June 2015
Volume 56, Issue 7
ARVO Annual Meeting Abstract  |   June 2015
Retinal Macrophages in Stages of Age-related Macular Degeneration
Author Affiliations & Notes
  • Eleonora M Lad
    Ophthalmology, Duke Eye Center, Durham, NC
  • Scott W Cousins
    Ophthalmology, Duke Eye Center, Durham, NC
  • Sina Farsiu
    Ophthalmology, Duke Eye Center, Durham, NC
  • Alan D Proia
    Pathology, Duke University Medical Center, Durham, NC
  • Footnotes
    Commercial Relationships Eleonora Lad, None; Scott Cousins, None; Sina Farsiu, None; Alan Proia, None
  • Footnotes
    Support None
Investigative Ophthalmology & Visual Science June 2015, Vol.56, 3535. doi:
  • Views
  • Share
  • Tools
    • Alerts
      This feature is available to authenticated users only.
      Sign In or Create an Account ×
    • Get Citation

      Eleonora M Lad, Scott W Cousins, Sina Farsiu, Alan D Proia; Retinal Macrophages in Stages of Age-related Macular Degeneration. Invest. Ophthalmol. Vis. Sci. 2015;56(7 ):3535.

      Download citation file:

      © ARVO (1962-2015); The Authors (2016-present)

  • Supplements

Purpose: To characterize retinal macrophage subpopulations in postmortem human eyes with various stages of AMD, as defined by both histopathologic staging and retinal imaging.

Methods: 62 human postmortem autopsy eyes from patients over age 80 were enucleated and fixed in 4% formaldehyde. The eyes were imaged using SD-OCT (Bioptigen, Morrisville, NC) and scanning laser ophthalmoscopy (SLO)(Heidelberg Engineering, Carlsbad, CA), then paraffin embedded and sectioned for histopathology analysis. H&E and Periodic-acid Schiff stained macular sections were graded according to a new histological classification system for AMD based on the staging by Sarks (1976). Unstained paraffin macular sections were processed for immunohistochemistry (IHC) analysis for CD68 and CD163 macrophage markers, as well as CD45 pan-leukocytic marker. The use of the donor eyes for research was approved by the Institutional Review Board of the Duke University Medical Center.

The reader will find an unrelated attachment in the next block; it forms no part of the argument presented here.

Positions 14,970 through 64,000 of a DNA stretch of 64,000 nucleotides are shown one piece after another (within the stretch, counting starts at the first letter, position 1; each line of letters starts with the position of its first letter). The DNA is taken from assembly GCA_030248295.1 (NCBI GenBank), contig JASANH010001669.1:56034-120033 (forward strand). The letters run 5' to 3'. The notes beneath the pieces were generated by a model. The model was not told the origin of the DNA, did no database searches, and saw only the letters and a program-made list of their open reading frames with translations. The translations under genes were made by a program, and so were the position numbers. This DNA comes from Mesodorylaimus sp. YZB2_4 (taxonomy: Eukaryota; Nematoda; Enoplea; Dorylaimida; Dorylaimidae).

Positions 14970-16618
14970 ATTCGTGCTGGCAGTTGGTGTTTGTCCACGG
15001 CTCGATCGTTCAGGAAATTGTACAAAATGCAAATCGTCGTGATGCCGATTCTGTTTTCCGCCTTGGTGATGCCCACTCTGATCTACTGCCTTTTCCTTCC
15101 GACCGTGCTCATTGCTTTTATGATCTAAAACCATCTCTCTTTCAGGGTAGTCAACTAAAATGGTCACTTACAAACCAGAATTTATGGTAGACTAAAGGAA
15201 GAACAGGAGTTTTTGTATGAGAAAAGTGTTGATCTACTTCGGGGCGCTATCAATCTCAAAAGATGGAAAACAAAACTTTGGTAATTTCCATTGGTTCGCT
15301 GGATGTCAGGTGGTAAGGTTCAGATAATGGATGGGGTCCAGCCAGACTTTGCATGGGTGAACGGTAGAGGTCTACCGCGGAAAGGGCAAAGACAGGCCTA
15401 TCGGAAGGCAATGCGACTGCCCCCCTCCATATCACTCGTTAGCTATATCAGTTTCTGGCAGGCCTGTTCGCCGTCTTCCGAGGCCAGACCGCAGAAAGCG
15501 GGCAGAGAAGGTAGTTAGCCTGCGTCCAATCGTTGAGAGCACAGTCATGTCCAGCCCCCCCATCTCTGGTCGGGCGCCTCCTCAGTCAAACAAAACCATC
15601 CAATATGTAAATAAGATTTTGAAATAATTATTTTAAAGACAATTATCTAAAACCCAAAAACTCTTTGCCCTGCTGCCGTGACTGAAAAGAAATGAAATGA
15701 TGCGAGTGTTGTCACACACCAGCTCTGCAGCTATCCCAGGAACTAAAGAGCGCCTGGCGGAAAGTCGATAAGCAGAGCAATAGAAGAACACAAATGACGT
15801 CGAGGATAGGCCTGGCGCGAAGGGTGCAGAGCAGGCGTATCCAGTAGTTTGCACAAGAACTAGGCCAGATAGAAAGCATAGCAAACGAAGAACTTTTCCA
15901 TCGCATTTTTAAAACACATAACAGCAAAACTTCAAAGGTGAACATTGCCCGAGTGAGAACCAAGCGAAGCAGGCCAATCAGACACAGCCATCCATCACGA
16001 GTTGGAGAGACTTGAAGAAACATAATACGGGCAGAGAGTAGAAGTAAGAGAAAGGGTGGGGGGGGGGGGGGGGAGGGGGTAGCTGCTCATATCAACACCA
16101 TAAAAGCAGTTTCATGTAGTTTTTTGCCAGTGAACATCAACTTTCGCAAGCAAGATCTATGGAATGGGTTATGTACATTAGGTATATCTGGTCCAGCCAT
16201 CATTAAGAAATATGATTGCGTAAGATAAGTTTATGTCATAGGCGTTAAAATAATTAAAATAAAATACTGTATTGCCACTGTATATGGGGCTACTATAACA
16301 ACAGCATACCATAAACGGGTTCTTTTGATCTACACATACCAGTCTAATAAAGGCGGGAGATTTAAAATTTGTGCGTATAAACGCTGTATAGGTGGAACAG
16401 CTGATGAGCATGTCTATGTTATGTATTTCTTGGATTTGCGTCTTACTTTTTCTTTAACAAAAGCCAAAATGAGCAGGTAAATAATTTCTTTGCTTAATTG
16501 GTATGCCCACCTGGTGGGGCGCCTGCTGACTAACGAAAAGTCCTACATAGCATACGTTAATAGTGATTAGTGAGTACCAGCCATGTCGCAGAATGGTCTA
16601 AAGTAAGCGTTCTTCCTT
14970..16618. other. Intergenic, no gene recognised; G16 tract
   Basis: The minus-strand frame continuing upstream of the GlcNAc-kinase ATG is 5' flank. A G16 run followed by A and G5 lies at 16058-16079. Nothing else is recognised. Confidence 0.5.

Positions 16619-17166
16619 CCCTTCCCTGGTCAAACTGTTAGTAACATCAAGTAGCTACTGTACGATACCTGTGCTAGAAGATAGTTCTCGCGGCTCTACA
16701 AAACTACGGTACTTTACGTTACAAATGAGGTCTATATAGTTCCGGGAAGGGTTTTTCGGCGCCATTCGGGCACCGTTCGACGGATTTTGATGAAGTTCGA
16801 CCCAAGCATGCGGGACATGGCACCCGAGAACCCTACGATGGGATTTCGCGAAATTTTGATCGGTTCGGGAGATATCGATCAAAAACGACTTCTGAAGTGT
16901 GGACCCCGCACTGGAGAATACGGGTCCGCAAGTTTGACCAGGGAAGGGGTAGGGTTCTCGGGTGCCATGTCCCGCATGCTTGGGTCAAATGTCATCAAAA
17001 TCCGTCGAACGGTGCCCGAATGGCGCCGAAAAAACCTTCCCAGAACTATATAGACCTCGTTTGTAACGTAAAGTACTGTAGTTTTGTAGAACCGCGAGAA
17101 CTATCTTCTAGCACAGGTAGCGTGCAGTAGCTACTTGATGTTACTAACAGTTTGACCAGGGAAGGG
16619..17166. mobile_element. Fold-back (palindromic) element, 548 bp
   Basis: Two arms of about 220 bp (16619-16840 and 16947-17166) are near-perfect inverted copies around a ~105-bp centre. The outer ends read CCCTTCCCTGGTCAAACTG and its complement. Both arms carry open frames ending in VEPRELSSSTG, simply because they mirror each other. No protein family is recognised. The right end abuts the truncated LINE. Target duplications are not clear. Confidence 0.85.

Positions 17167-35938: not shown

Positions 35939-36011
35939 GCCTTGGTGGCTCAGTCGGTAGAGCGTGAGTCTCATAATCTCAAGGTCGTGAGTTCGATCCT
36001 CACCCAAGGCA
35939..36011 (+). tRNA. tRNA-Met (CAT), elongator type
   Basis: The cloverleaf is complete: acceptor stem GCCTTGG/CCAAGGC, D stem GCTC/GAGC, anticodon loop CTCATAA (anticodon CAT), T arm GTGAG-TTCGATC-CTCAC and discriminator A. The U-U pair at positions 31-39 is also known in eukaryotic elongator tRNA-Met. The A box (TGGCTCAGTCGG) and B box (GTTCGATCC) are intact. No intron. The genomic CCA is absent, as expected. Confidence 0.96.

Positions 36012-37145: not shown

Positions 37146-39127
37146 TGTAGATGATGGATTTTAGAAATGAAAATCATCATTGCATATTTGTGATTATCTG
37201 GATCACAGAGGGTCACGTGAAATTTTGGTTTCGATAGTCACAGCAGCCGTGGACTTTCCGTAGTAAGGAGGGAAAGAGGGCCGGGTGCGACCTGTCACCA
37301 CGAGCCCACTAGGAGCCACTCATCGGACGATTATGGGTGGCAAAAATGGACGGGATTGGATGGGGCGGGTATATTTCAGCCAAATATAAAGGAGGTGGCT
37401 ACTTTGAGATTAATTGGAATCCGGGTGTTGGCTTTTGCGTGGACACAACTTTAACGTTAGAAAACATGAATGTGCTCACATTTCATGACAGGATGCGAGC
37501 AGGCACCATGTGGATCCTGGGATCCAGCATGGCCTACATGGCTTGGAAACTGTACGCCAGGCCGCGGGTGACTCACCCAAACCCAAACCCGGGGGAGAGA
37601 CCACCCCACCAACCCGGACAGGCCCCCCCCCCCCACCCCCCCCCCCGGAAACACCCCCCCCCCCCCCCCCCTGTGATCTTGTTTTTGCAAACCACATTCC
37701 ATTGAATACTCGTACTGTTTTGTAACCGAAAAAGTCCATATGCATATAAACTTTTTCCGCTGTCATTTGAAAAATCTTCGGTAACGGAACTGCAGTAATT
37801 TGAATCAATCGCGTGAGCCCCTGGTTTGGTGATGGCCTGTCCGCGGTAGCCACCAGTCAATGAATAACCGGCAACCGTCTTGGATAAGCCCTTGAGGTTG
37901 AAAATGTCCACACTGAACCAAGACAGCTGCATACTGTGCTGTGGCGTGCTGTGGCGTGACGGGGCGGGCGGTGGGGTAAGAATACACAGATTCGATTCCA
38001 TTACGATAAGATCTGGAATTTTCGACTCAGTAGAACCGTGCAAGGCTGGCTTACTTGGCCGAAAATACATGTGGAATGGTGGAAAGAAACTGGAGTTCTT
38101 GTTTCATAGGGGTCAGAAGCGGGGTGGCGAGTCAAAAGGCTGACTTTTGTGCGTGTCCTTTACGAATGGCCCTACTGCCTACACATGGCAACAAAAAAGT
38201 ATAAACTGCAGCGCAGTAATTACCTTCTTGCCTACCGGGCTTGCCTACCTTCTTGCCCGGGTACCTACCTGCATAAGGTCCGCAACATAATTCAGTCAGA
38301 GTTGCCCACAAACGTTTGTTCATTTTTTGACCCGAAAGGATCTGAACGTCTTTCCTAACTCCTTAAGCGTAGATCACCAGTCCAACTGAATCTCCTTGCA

Results: Analysis of both the macula and retinal periphery revealed that normal, age-matched eyes and AMD eyes contained a large number of CD163+ and CD45+ cells. The number of CD68+ cells in the retina was significantly lower in AMD eyes and nearly negligible in normal aged eyes. In eyes with early AMD, CD163+ macrophages were restricted to the inner retina above the outer plexiform layer. In contrast, in AMD eyes with continuous basal laminar linear deposits, there was a significant increase in the number and size of the CD163+ cells in the outer retina and sub-retinal space. AMD changes observed on SD-OCT and SLO imaging correlated with histopathology findings. Subretinal macrophages in AMD eyes with intermediate-severe disease were associated with a targetoid, reticular pseudodrusen pattern on SLO and subretinal hyperreflective deposits on SD-OCT.

Conclusions: We report a new histologic classification system for AMD and novel observations using the macrophage marker CD163. Retinas of normal and AMD eyes contain a significantly larger number of macrophages than previously reported using prior immunohistochemical markers. Importantly, there is a striking change in the retinal distribution of macrophages in postmortem eyes with intermediate-severe AMD as compared to normal or early AMD eyes. AMD pathology including subretinal macrophages could be specifically detected and localized by SD-OCT and SLO imaging in human postmortem eyes.


This PDF is available to Subscribers Only

Sign in or purchase a subscription to access this content. ×

You must be signed into an individual account to use this feature.